One effective mode of Marxist-inspired, interventionist critique is to follow the money. If Mapbox’s CEO Eric Gunderson is as shrewd a businessman as he is effective at gobbling up the most talented of chicly dressed httpsters— and evidence suggests that he is—then perhaps it’s worth raising the question of who stands to benefit from such “open source” tools as their OpenStreetMap in-browser map editor, iD. One (true) answer is that we all benefit from better geospatial data, and I’m not arguing otherwise. Rather, it’s worth pointing out that for a company uniquely poised to gain the most from such a tool, they’ve effectively enabled an army of unpaid labor to update and improve that geospatial data. Open source doesn’t necessarily mean free, remember.
As Agnieszka Leszczynski has written, the shrinking and “rolling back” of the modern State enables a “rolling out” of market-based regimes of geographic information governance. In other words, where the USGS, State’s Cartographer Offices, and other public institutions maintained and provided our data throughout the 20th century, today that role is shifting to the geoweb (and the users and consumers of the map). Taylor Shelton and Mark Graham have furthered this line of critique by asking how mapping practices—yes, enabled by such a useful format—constitute broader shifts toward “data-based” ways of living in the world that presume such objective, value-neutral data are necessarily optimizing our lives.
However, as John Czaplewski duly acknowledges, today the interchange format and related web technologies also have the capacity to democratize formerly insular practices. While users are churning out valuable data to be harnessed by corporate entities to make money (and presumably kill puppies), we’re at the same time disclosing issues of income inequality and environmental justice. John notes that,
“One can argue whether or not open standards really do democratize mapping, and whether or not that is good or bad. But either way, it gives companies (like Mapbox) and individuals the ability to directly confront very large and wealthy interests, and perhaps even disrupt them and their ability to hoard capital.”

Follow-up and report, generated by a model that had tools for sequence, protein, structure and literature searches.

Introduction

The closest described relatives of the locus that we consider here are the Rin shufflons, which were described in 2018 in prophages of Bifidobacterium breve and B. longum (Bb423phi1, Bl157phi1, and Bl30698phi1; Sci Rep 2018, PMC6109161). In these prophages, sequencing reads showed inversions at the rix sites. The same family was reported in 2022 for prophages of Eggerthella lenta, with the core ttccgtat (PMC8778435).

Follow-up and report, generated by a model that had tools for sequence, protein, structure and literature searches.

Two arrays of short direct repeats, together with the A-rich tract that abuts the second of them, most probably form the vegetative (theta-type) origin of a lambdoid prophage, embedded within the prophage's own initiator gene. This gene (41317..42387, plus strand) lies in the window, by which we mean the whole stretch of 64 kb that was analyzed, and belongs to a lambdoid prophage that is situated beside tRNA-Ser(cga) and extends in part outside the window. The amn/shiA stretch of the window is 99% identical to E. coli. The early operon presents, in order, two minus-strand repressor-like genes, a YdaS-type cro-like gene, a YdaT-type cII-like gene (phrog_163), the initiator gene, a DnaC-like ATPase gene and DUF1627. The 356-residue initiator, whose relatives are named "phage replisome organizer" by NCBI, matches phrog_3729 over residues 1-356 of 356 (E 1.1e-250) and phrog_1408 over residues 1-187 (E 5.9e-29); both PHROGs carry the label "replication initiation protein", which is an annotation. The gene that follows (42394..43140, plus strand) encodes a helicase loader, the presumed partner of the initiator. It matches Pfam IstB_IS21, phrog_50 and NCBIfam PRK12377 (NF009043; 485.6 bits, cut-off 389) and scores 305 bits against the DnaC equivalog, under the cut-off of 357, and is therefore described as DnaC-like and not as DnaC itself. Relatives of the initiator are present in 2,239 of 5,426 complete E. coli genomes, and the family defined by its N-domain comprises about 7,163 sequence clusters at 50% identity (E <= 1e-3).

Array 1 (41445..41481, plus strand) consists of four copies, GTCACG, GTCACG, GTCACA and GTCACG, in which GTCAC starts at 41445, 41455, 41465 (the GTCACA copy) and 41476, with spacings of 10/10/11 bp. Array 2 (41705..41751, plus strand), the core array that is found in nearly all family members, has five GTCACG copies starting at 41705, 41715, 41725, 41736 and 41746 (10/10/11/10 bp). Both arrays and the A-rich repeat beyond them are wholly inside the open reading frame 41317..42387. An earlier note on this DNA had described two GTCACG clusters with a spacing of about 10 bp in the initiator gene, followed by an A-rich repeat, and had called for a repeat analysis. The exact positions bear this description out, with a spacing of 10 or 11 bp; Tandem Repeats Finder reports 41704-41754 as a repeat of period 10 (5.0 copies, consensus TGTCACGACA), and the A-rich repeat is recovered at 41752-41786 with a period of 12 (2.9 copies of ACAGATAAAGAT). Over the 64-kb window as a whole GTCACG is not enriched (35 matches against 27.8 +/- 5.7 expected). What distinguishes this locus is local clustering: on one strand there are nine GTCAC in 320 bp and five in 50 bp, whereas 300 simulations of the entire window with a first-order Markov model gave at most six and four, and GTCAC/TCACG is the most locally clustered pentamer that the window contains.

Critique then need not be negative or forever seeking to expose the working of hegemony. I’ll argue that moving beyond the merely technical process of mapping can actually empower us to reclaim our relationships with the landscapes and people we map. The Fractracker Alliance is but one example seeking to harness citizen science data to better understand the environmental impact of our current energy geographies. Herein may lie an important point of contact between the practice of map making and the more cerebrial critique imposed upon us by the intellegensia. While capitalism may constrain and exploit us in problematic ways, there is little room to operate outside of it. Establishing ownership over it’s various modes—of which GeoJSON is one small but key element—is then perhaps more important than becrying that the game is rigged (we all already know this, right?). So then let’s make maps, critically.
Professor Glasses reminds us of a second form of critique, one more of the armchair variety and largely inspired by the writings of the venerable Michel Foucault. We call this variety wanky post-structuralist (with all due respect of course). Rather than applying critique for the sake of exposing the relations of power, this mode takes a further step back to pose the question,
“What are the conditions under which truth and power are made intelligible and possible in the production of a map?”
This is when the sound of blinking eyelids across a room of eager cartography students may approximate a gaggle at liftoff. While we have taken a step back to ask a critical question, we are perhaps painstakingly several steps further away from effectively rendering those SVG elements to symbolize geographic phenomena within the user’s web browser. What are these conditions of truth that allow GeoJSON to become such a useful and non-problematic data format in the world of web mapping today?
Special thanks to Ate Porthuis (@atepoorthuis), Taylor Shelton (@kyjts), and the very talented John Czaplewski (@johnjcz) for their contributions to this writing. Andy Woodruff (@awoodruff) offered very little.